Blood test can identify infection and reduce use of antibiotics

A simple blood test could soon tell doctors within two hours whether a patient has a viral or bacterial infection, thereby cutting the need for antibiotics in many cases.

The World Health Organisation has said the overuse of antibiotics is leading to increased drugs resistance — they simply will not work — meaning simple infections could once again become killer diseases.

It emerged here in recent months that doctors, pharmacists, vets, and government departments were having to join forces in an effort to combat the overuse of antibiotics, with the growing danger of simple surgery becoming a deadly event because of increasing drug resistance.

Scientists in Israel, in collaboration with the company MeMed, believe they have now developed a diagnostic blood test which will determine whether a patient has an acute bacterial or viral infection. They said the aim of their research was not only to tackle antibiotic overuse but also under-use due to delayed or missed diagnosis, which is the case in 24%-40% of all bacterial infections and may result in prolonged disease and medical complications.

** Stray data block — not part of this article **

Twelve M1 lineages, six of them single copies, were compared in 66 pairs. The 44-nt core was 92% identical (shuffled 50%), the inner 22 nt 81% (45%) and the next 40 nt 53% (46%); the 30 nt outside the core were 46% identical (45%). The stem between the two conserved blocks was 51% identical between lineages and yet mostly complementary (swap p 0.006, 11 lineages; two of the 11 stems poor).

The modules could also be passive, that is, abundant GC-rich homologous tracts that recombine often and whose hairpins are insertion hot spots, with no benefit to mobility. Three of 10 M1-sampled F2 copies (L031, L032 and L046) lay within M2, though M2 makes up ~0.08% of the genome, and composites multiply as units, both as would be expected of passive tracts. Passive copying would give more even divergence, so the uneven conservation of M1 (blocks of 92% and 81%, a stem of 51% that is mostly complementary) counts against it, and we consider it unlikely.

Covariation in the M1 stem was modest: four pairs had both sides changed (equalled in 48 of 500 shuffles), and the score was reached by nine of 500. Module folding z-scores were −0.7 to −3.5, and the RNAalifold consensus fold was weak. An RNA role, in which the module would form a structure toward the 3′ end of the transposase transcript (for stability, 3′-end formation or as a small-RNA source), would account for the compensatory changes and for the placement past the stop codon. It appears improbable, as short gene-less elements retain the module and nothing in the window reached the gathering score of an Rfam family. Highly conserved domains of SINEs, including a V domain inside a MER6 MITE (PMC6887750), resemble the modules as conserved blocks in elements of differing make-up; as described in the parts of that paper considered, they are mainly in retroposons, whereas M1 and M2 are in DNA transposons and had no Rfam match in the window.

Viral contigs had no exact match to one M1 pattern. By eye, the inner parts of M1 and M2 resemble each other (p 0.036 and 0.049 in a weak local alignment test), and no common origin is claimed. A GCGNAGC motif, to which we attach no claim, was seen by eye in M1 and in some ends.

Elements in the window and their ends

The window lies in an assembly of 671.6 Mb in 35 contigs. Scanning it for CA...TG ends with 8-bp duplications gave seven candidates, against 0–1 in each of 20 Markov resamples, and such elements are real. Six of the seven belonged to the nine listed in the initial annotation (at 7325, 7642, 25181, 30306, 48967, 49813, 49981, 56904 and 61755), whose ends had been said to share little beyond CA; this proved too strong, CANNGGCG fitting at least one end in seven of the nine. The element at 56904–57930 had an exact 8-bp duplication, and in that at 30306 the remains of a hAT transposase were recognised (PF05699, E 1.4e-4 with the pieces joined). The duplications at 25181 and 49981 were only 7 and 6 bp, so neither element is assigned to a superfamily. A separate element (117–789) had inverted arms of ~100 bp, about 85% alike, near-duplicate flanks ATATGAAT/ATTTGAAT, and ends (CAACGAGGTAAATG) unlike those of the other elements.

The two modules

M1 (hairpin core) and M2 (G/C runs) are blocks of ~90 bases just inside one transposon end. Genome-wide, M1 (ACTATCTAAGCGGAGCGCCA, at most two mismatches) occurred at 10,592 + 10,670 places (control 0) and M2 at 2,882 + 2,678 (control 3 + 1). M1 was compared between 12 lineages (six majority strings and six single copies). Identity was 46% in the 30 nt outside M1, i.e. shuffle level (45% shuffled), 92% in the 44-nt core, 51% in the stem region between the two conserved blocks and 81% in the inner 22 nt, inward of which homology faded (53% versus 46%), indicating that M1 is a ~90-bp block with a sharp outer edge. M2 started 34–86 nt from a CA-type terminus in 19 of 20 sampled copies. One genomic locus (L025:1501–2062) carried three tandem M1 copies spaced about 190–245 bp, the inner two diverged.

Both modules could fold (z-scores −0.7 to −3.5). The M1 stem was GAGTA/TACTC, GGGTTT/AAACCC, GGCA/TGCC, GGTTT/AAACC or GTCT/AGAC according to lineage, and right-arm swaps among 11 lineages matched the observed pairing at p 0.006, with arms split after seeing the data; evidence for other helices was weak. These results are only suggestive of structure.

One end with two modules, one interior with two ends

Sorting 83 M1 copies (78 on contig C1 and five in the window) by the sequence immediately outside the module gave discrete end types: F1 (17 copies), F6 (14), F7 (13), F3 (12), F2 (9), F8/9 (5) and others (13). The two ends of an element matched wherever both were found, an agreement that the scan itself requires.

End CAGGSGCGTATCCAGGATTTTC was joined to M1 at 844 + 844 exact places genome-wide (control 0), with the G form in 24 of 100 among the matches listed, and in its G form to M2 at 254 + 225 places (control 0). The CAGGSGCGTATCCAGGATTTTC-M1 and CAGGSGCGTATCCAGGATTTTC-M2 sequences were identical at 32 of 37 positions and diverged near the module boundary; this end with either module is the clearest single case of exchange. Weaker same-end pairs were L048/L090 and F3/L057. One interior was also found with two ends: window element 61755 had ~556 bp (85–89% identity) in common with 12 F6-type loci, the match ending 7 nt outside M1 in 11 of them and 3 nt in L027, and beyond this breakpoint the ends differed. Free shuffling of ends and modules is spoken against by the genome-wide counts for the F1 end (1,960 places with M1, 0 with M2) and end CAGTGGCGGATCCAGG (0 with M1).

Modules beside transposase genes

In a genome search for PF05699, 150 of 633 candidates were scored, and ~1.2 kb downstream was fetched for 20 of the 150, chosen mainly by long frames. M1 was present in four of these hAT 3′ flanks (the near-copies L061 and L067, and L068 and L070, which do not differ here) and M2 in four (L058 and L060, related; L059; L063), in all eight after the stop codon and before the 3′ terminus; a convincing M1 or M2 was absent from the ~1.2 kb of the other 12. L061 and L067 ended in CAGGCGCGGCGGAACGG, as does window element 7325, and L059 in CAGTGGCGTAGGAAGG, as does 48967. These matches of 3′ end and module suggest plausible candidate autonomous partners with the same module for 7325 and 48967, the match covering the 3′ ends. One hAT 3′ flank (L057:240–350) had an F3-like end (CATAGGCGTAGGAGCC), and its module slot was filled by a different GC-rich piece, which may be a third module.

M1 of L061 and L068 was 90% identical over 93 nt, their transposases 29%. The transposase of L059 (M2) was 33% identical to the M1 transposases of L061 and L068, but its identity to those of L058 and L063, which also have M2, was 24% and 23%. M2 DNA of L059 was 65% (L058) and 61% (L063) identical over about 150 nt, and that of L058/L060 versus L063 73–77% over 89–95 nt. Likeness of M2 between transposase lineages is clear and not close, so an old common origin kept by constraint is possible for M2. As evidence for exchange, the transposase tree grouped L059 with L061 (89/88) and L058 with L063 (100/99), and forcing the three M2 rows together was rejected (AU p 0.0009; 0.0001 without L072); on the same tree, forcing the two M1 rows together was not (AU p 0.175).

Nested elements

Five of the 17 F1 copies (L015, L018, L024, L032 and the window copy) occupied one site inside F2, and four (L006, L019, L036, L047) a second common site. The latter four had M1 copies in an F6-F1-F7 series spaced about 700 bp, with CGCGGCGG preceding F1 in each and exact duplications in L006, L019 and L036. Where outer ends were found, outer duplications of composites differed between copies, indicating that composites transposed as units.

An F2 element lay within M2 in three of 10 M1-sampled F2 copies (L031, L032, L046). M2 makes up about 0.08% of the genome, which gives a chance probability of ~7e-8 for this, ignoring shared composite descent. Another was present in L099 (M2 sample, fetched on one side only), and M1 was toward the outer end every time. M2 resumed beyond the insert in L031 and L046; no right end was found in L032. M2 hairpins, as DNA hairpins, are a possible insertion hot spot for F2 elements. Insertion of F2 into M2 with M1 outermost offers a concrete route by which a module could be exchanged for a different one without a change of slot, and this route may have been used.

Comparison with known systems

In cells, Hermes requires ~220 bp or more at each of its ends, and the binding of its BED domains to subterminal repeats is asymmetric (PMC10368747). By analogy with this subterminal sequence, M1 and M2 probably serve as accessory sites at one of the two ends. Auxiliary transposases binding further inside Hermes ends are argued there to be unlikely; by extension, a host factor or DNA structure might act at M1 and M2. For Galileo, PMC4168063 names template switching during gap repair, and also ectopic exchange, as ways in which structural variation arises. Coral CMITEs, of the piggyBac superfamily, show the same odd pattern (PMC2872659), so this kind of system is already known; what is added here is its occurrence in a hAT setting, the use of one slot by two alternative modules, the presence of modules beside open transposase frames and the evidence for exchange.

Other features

They enrolled more than 1,000 patients between August 2009 and November 2013 from two Israeli medical centres and found that bacteria and viruses trigger different protein pathways once they infect the body.

One, called TRAIL, dramatically increased in the blood of patients infected with a wide range of viruses, but decreased in bacterial infections. The team was able to develop an algorithm that “computationally integrates” TRAIL with other immune proteins to diagnose the cause of the infection with high accuracy.

Eran Eden of MeMed said: “Our scientists have figured out how to decode the actions of the immune system doing what it does best — detecting and responding to the precise cause of infection.”

According to MeMed, the test is approved for clinical use in the EU and in Israel and is in pilot distribution there, with commercial roll-out planned later this year.

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